Discovering that an agreement upon which you based your business operations and your relationship with employees is out of date, invalid or even just too broad is obviously more than disappointing. It can have devastating consequences for your business as well. Suddenly, the safety net that you thought was protecting you and your confidential information from the competition has turned into an anchor of costly litigation, disgruntled customers and destroyed trust.

That’s where advice from an experienced law firm like Norton Hammersley can help. By sitting down with clients and discussing their business needs and how their businesses operate, they can address owners’ worries and concerns and provide advice on how best to protect the company’s valuable assets. They can also help owners determine what aspects of their businesses can, and cannot, be legally protected through instruments like non-compete, non-solicit and trade secret agreements. Perhaps most importantly, by establishing a lasting relationship with the business owner, they can help keep him or her abreast of appellate court decisions and other legal changes that could impact the company and its agreements with employees.

When done as part of the planning process by an own- er who is just setting up a new business or perhaps one who is acquiring a business from someone else, such legal counsel can help steer operational decisions as well. For example, if certain elements of the business cannot be protected by non-compete, non-solicit or trade secret agreements, then an owner may decide to change the way in which he or she allows employees to access certain types of information or processes related to the business. In other words, instead of giving employees access to every piece of information about the business, the owner may restrict them to only those items that are vital to their job functions.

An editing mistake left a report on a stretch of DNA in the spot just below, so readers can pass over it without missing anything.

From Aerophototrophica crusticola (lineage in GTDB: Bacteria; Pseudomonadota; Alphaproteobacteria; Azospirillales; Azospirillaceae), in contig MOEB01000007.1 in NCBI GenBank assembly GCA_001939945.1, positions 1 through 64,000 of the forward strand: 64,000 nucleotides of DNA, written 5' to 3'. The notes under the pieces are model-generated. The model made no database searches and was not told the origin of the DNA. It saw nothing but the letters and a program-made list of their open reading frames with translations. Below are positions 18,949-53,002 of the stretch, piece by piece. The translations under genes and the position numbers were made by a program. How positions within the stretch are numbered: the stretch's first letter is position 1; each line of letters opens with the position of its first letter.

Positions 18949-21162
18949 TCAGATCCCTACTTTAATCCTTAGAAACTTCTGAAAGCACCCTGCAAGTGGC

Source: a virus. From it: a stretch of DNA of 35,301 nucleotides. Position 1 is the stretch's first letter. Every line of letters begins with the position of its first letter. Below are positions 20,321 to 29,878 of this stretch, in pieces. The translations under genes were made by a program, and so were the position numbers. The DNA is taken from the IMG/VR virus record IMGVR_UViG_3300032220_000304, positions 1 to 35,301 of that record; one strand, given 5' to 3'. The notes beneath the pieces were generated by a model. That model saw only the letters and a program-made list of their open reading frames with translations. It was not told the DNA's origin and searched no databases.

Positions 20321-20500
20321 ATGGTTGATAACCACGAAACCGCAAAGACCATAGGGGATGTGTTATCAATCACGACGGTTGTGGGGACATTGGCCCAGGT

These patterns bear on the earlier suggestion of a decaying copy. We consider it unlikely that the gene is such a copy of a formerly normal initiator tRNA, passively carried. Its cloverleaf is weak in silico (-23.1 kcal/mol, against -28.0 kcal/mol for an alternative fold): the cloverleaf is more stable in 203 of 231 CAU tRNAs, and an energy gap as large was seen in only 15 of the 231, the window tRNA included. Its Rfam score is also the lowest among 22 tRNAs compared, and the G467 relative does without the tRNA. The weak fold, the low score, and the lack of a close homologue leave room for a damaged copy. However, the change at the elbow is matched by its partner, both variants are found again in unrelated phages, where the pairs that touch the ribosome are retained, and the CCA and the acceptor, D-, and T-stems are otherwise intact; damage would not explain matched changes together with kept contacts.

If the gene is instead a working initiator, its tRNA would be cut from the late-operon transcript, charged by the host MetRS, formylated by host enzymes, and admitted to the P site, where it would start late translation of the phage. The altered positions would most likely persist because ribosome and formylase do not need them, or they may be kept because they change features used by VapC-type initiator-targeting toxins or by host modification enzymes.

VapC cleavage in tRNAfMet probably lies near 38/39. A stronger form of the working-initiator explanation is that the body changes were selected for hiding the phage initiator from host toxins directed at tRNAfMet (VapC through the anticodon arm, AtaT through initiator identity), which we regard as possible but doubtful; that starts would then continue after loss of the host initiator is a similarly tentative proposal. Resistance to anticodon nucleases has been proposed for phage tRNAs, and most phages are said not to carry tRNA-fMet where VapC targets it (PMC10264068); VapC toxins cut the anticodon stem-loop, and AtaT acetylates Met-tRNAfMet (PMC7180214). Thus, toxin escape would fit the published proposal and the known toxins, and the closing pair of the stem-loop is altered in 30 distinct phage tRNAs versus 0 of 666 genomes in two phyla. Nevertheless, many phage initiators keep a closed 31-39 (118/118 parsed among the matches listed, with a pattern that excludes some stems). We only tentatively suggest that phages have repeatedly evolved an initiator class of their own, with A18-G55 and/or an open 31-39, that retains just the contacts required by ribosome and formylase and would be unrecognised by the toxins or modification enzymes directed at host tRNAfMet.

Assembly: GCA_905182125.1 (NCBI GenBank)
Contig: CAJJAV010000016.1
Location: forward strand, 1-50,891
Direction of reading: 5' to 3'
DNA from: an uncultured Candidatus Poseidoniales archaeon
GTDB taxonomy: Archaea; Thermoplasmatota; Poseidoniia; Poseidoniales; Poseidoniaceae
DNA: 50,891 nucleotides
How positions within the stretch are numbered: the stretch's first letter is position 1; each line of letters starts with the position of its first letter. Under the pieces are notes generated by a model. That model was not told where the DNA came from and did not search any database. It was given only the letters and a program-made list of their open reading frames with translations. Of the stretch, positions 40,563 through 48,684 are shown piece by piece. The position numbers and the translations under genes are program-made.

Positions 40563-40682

Although prior to start-up or during the transfer of ownership due to sale may be the ideal times to implement non-compete, non-solicit or trade secret agreements, the attorneys from Norton Hammersley warn that it is never too late — or too early — to speak with counsel about setting them up for your business. After all, the initial cost of drafting the agreements pales in comparison to those that can be incurred once a problem or lawsuit arises.

“As with almost everything else in business, it is far better to be proactive with these types of agreements than to wait until something goes wrong,” says Inverso. “For example, a good attorney will probably charge a busi- ness $1,000 or less to draft the agreements in advance. That is minimal compared to the $5,000 you can spend just to file a case in court, and that is only the beginning. Taking a case to trial can quickly escalate into tens of thousands of dollars or more, depending on the size of your business.”

Of course, simply having an agreement in place does not guarantee that a business will not get involved in litigation with employees at some point in the company’s life. But having good documents in place can at least make that possibility a lot less likely. Furthermore, by establishing a relationship with an experienced law firm, like Norton Hammersley, business owners can rest easier knowing that they have an experienced team to work with in the event the unexpected or unforeseen suddenly becomes a reality.

“In the end, non-compete, non-solicit and trade secret agreements are all about protecting your assets,” says Hammersley. “They are about identifying what you have that is of special value to your business and making sure you have the appropriate mechanisms in place to keep those items safe from the competition, because regardless of your business size, we are talking about real money.”

Connect: Trial Practice and Dispute Resolution Group — Philip N. Hammersley, Darren R. Inverso, J. Derrick Maginness, Erik M. Hanson Norton, Hammersley, Lopez & Skokos | 1819 Main Street, Sarasota, FL 34236 | 941-954-4691